Gone Girl Goes Hollywood


Front Cover of Gone Girl

Audrey Rowland, Writer

Gone Girl won’t be gone for a while; Gillian Flynn’s bestselling novel has been slated for production as a major motion picture, with a tentative October 2014 release date. Its cast boasts stars such as Ben Affleck and Neil Patrick Harris, as well as newcomer Emily Ratajkowski, known mainly for her appearance in Robin Thicke’s “Blurred Lines” music video. The latest in the trend of popular books adapted for a movie, Gone Girl follows in the wildly successful footsteps of recent movie adaptations, including The Hunger Games, The Great Gatsby, and The Twilight Saga, all released in the past few years.

With over eight weeks at #1 on the New York Times Hardcover Fiction Bestseller list under its belt, there’s no doubting Gone Girl’s popularity. However, bestsellers do not always become blockbusters, and beloved novels, such as John Carter, and Mortal Instruments: City of Bones, can flounder in the box office.  Georgia Turvey, a junior at Madison High School, notes “a lot of the time, there’s a great deal of hype for these movies, but often I’m disappointed”. Gone Girl, as the latest book turned movie, must face and win over jaded moviegoers like Georgia, effectively convincing them that the movie can be as good or better than the book.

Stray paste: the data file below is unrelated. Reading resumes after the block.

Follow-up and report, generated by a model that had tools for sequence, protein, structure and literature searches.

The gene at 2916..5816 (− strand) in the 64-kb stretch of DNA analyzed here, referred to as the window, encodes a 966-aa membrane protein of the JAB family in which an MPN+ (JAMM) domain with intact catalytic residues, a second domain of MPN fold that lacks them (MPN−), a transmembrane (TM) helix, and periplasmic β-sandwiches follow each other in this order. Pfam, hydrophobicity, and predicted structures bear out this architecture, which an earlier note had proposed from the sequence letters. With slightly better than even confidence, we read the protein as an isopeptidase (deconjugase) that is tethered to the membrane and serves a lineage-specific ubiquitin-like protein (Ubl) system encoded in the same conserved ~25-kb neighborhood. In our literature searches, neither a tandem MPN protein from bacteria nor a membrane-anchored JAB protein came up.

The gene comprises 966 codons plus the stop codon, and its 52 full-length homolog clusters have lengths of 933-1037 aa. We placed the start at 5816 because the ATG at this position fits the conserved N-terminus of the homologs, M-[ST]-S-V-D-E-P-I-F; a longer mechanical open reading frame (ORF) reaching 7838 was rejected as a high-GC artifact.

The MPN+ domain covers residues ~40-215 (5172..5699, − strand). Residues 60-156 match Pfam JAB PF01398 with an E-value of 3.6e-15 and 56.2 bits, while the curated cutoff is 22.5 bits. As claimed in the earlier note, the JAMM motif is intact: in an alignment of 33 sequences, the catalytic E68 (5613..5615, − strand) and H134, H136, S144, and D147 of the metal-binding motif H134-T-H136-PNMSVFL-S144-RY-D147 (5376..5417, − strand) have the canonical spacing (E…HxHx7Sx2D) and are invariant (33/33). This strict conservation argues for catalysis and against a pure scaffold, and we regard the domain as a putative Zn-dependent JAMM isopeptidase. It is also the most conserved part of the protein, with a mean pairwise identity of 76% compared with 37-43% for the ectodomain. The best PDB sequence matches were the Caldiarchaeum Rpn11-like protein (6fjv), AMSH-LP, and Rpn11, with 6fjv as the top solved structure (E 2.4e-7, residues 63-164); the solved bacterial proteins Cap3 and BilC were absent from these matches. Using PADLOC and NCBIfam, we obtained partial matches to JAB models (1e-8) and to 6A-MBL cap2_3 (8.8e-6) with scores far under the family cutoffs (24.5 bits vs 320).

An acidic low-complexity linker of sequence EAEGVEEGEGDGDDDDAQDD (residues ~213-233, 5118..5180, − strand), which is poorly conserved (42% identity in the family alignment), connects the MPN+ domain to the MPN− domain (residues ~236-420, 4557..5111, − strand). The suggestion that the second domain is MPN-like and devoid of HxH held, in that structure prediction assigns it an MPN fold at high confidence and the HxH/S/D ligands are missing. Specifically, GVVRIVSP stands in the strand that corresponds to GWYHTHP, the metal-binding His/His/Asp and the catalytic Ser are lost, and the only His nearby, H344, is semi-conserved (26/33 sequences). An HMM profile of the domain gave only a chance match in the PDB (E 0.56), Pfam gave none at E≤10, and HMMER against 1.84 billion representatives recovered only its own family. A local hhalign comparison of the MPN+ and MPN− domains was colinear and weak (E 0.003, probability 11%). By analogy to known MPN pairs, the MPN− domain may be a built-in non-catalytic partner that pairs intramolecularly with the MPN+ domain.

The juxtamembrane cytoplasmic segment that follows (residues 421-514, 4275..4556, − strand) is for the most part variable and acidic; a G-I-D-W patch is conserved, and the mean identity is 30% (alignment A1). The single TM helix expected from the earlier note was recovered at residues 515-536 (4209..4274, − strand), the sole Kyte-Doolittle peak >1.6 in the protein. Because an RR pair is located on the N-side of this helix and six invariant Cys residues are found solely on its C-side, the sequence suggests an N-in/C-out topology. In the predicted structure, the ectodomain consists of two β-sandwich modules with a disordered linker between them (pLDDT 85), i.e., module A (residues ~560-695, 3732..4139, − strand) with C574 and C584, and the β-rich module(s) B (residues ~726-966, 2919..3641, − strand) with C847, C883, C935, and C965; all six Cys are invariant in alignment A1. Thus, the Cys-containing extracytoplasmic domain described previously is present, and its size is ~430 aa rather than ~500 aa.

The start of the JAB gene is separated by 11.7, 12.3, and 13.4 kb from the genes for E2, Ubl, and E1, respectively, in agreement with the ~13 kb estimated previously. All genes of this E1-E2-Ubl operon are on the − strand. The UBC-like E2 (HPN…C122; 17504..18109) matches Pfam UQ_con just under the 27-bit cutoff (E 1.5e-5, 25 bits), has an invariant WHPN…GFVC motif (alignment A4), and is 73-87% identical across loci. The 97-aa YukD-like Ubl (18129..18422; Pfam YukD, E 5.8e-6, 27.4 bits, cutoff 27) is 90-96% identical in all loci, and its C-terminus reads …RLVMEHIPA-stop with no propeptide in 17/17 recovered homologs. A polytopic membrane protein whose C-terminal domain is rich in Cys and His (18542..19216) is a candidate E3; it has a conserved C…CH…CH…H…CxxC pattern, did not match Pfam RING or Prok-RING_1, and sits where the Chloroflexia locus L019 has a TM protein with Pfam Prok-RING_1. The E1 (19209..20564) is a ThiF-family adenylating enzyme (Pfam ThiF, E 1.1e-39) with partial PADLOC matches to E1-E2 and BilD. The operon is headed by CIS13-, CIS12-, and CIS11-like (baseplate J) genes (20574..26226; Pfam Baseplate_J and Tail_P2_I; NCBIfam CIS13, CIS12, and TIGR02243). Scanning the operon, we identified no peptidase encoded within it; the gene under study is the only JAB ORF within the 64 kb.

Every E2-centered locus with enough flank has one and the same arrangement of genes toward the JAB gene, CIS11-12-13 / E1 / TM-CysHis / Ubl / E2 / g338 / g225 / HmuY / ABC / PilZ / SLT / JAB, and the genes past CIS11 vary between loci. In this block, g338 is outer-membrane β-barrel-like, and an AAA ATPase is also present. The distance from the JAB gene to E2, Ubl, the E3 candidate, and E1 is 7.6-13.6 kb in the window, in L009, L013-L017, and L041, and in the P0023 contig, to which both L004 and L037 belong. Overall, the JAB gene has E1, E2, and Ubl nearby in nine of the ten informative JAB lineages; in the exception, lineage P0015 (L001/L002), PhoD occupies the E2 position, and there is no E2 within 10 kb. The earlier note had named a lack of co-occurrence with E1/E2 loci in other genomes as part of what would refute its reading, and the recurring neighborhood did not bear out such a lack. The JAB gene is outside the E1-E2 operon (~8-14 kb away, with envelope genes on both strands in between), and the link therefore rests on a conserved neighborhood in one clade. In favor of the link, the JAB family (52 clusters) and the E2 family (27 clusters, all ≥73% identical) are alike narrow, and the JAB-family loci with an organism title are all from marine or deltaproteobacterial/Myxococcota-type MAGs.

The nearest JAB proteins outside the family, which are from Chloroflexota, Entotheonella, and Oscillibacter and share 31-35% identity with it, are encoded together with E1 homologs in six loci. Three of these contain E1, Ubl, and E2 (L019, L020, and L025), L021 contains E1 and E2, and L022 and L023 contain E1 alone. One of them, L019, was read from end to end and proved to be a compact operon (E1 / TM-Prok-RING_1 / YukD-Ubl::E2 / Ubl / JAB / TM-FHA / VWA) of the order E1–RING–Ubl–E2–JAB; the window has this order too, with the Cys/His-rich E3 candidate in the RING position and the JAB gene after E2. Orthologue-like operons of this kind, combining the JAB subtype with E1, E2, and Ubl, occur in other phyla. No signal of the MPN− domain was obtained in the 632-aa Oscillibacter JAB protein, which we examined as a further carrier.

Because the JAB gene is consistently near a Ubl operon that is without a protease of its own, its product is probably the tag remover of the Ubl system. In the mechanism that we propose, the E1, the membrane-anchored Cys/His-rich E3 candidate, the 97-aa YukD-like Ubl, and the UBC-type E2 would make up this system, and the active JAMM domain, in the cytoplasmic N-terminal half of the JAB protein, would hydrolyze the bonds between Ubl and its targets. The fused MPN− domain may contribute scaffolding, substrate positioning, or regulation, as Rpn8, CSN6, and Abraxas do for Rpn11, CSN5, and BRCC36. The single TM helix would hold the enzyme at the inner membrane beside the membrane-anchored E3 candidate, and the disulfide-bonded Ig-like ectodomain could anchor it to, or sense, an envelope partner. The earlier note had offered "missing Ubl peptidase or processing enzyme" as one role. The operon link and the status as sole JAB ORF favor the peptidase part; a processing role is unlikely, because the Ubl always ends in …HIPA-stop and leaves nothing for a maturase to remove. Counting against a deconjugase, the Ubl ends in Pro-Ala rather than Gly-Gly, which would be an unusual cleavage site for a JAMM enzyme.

However, the inherent risk of adapting successful novels for the big screen is not measuring up, letting audiences leave the theater firm in their belief that the movie was not as good as the book. With such rich source material, loaded with suspense and betrayal, Gone Girl’s movie adaptation is fraught with blockbuster potential. Written from each spouse’s perspective, Gone Girl details Nick and Amy Dunne’s fractious marriage, and its murky aftermath after Amy’s mysterious disappearance. If Gone Girl stays true to the book, there is no reason it cannot emulate the novel in success and acclaim.